Request for consultation

Thanks for your request. You’ll soon be chatting with a consultant to get the answers you need.
{{formPostErrorMessage.message}} [{{formPostErrorMessage.code}}]
First Name is required. 'First Name' must contain at least 0 characters 'First Name' cannot exceed 0 characters Please enter a valid First Name
Last Name is required. 'Last Name' must contain at least 0 characters 'Last Name' cannot exceed 0 characters Please enter a valid Last Name
Institution is required.
Discipline is required.
Why are you contacting us today? is required. 'Why are you contacting us today?' must contain at least 0 characters 'Why are you contacting us today?' cannot exceed 0 characters Please enter a valid Why are you contacting us today?

Doing Mathematics: An Introduction to Proofs and Problem-Solving 2nd Edition

Steven Galovich

  • Published
  • Previous Editions 1993
  • 224 Pages


This book introduces students to the process of doing mathematics and prepares them to succeed in higher-level mathematics courses. By discussing proof techniques, problem solving methods, and the understanding of mathematical ideas, the book provides a solid foundation for students majoring in mathematics, science, and engineering. Students will learn to grasp the underlying concepts of a subject and how to apply these concepts to solving problems. While being able to understand and reproduce proofs of theorems, they will also gain the ability to comprehend the connections among the important concepts and techniques of each subject. This book is intended for a course on proofs and mathematical reasoning, and could also be used as a supplemental text in courses such as algebra, analysis, and linear algebra.

Steven Galovich, Lake Forest College

Steven Galovich is Professor of Mathematics at Lake Forest College. Dr. Galovich's specializations are algebraic number theory and algebra, and his interests include the nature of mathematics, Fermat's Last Theorem, and the history of mathematics. In 1988, he won the Carl B. Allendoerfer Award for expository writing presented by the Mathematical Association of America for the paper "Products of sines and cosines" published in Mathematics Magazine.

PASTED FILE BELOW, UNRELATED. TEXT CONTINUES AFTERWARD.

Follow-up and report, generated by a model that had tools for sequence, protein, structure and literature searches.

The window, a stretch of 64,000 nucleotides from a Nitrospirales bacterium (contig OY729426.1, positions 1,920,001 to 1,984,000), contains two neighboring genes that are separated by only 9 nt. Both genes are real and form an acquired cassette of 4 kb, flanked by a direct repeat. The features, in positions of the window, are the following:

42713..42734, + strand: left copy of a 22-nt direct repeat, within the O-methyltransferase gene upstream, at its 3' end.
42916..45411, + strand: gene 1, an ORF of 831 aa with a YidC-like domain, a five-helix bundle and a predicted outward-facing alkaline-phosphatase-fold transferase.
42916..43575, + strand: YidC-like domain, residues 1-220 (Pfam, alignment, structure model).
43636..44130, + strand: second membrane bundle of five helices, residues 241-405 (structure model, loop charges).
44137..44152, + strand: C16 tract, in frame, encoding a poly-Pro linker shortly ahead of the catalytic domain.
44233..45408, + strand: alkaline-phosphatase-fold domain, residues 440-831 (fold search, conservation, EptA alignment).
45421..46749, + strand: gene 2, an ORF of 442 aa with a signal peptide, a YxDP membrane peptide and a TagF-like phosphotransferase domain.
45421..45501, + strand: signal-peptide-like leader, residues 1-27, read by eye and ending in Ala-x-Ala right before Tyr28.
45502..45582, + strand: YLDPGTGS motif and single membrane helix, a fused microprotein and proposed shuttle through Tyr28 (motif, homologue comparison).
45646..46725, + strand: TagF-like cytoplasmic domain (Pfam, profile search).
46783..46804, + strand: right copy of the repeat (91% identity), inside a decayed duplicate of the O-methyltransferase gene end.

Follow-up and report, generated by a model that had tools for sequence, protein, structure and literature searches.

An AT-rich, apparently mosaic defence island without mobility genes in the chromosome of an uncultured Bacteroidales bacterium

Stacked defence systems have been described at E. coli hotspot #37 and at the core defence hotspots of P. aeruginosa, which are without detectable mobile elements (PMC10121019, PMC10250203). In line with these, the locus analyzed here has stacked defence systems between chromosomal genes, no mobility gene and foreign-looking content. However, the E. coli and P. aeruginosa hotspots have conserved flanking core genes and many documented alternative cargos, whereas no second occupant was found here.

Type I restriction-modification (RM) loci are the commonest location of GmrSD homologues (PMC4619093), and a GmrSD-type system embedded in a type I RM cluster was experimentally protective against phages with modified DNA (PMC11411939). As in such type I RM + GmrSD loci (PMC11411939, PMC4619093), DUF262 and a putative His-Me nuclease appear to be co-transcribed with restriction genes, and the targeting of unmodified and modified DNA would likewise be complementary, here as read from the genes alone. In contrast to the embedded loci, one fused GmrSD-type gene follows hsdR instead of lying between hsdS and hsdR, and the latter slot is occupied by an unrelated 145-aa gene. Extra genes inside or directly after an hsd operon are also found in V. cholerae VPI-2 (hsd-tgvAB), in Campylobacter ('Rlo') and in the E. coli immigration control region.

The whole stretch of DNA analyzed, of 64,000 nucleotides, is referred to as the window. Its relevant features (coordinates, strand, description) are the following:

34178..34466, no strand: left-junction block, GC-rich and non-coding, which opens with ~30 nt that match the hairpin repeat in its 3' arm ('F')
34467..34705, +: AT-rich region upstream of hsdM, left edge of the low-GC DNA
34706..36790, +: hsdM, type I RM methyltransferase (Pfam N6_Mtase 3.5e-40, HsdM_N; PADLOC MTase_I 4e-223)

• A new chapter on cardinality includes material on finite, denumerable, uncountable sets, and cardinal numbers.
  • Refined explanations of important concepts.
  • A new chapter on discrete math covers basic counting principles, binomial coefficients, and recurrence relations.
  • Problem solving methods are thoroughly integrated into the text.
  • A brief but lucid development of the basic number systems of mathematics: the integers from the natural numbers, the rational from the integers, and the complex numbers from the reals; an axiomatic presentation of the reals is given.
  • Many more problems appear than in the previous edition. New and updated examples and exercises appear throughout.
  • Chapter II deals with logic and sets, two of the fundamental building blocks of mathematics. It covers both propositional and predicate calculus, and also introduces informally the concept of a set.
  • Chapter III covers methods of proving theorems. The principle proof techniques presented are direct proof, proof by contradiction, proof by contraposition, mathematical induction, and case analysis.
  • Based on the work of mathematician George Polya, Section 5 of Chapter III looks at the different methods one can use to attack a problem.
  • Written in an entirely nontechnical fashion, Chapter VII explores some aspects of an individual's behavior and attitude that affect the way he or she actually learns and does mathematics. Following a path blazed by Alan Schoenfeld, the book examines the beliefs that many people bring to the study of mathematics and the way people behave when they work on mathematical problems.
1. How to Solve It.
2. Understanding the Problem.
3. Propositional Calculus.
4. Sets.
5. Predicates and Quantifiers.
6. Direct Proof.
7. Indirect Proof.
8. Mathematical Induction.
9. Case Analysis.
10. Attacking the Problem/Proof.
11. Looking Back.
12. Sets and Set Operations.
13. Relations.
14. Functions.
15. Equivalence Relations.
16. Number Systems and Well-Defined Operations.
17. The Real and Complex Numbers.
18. Equinumerous Sets.
19. Finite Sets.
20. Denumerable Sets.
21. Uncountable Sets.
22. Cardinality and the Cantor-Bernstein Theorem.
23. Fundamental Combinatorial Principles.
24. Permutations and Combinations.
25. Binomial Coefficients and the Binomial Theorem.
26. Recurrence Relations.
27. Algebraic Properties of the Integers.
28. Controlling Your Thinking.
29. Attitudes and Beliefs.
30. Problems.